On September 24, 1896, a young Minnesota woman gave birth to a depressive young alcoholic named Francis Scott Key Fitzgerald. The boy did badly in school and went to train for war in 1918. While training at Camp Sheridan in Alabama, he fell in love with Zelda Sayre, the mentally unstable daughter of an Alabama Supreme Court judge. The war ended before Fitzgerald could be sent overseas and shot, however, so he went to New York to become rich and famous.
He became neither, so Zelda broke off their engagement.
Fitzgerald then moved to Minnesota. A year later he became a famous writer. He moved to Connecticut, Zelda married him, and they became drunken celebrity wrecks.
They spent a lot of time in Europe. This lasted until Zelda went mad and Fitzgerald died.
Fitzgerald is best remembered for having said the rich were different, even though Hemingway made fun of him. Also, he wrote several books.
The Glorious Ninth
On September 25th, 1789, Congress proposed twelve amendments to the Constitution of the United States. Habeas Corpus Christi and Freedom from Unreasonably Surging Seashores were ultimately rejected but the other ten passed and have come to be known as the "Bill of Rights."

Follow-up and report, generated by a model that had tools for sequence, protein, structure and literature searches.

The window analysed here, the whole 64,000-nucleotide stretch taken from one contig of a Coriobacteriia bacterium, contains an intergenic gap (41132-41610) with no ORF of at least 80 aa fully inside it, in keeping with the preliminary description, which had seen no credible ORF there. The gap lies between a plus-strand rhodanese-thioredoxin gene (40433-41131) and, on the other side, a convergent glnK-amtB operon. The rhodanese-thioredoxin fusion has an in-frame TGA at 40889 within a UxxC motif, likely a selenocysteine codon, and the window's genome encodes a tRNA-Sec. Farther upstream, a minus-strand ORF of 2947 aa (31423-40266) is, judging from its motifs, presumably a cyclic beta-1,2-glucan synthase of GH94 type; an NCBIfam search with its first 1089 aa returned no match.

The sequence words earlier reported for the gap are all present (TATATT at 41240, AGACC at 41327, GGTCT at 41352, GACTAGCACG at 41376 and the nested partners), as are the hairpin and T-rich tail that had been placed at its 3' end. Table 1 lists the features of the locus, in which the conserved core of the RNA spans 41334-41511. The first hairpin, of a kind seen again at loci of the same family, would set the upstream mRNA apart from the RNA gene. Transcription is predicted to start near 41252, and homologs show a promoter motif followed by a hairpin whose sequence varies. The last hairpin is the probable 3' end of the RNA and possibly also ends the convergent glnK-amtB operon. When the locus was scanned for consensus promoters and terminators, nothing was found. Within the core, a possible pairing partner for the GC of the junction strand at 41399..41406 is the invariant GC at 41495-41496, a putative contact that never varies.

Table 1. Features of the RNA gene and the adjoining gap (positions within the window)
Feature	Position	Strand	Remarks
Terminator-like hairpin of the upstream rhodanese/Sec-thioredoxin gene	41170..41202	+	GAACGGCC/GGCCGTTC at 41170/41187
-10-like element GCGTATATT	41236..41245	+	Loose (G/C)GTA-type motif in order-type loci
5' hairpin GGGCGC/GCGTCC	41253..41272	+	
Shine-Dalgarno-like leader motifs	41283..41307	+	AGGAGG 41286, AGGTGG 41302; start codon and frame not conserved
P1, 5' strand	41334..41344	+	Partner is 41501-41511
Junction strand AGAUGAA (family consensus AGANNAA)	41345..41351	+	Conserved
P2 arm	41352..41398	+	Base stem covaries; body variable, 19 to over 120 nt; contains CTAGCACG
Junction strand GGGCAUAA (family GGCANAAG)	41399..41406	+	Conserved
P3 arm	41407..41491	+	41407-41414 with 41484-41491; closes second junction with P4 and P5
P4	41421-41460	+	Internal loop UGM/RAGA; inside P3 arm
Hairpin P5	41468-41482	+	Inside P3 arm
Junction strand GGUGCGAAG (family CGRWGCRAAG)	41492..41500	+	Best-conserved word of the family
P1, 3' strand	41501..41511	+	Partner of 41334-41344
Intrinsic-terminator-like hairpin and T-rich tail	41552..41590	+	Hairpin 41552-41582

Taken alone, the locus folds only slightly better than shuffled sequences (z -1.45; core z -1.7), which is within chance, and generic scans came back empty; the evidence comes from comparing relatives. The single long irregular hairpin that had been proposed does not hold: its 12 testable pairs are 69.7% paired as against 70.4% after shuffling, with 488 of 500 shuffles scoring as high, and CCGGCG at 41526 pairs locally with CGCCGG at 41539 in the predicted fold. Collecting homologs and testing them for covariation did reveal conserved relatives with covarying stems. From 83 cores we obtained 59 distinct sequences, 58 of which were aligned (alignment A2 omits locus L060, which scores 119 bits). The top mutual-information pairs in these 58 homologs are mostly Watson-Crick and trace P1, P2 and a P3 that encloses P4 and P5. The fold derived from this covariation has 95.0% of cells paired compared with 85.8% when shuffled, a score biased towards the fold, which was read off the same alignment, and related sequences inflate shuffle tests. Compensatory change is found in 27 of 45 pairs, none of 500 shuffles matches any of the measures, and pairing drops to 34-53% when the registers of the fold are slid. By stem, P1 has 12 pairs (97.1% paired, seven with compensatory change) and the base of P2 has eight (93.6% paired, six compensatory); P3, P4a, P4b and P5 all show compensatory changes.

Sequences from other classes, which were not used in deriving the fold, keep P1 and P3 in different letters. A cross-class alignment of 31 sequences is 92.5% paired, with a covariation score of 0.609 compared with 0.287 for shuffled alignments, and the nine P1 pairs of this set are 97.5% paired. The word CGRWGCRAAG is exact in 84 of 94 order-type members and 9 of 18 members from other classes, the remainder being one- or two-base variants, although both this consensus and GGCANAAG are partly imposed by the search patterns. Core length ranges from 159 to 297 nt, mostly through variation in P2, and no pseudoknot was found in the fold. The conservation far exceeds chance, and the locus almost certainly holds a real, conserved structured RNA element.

Each year, in honor of this important anniversary, I have chosen to celebrate my favorite amendment in the hopes that it may also soon be yours. I am speaking of the Ninth Amendment.
Like that of Beethoven, the Constitution's Ninth is the standard against which all others must be measured. Unlike Beethoven's, it doesn't climax with a resounding choral tribute to Joy (but that could be fixed).
Here is the ninth amendment: "The enumeration in the Constitution, of certain rights, shall not be construed to deny or disparage others retained by the people."
This important amendment should not be neglected just because of some awkwardly placed commas.
Under the first amendment, for example, I have been given the right to say any stupid thing that pops into my head. (This should not be confused with the responsibility of doing so, which is reserved to journalists.) This is an enumerated right. My right not to have to listen to anyone else's idiotic opinion is not enumerated, but it's just as important.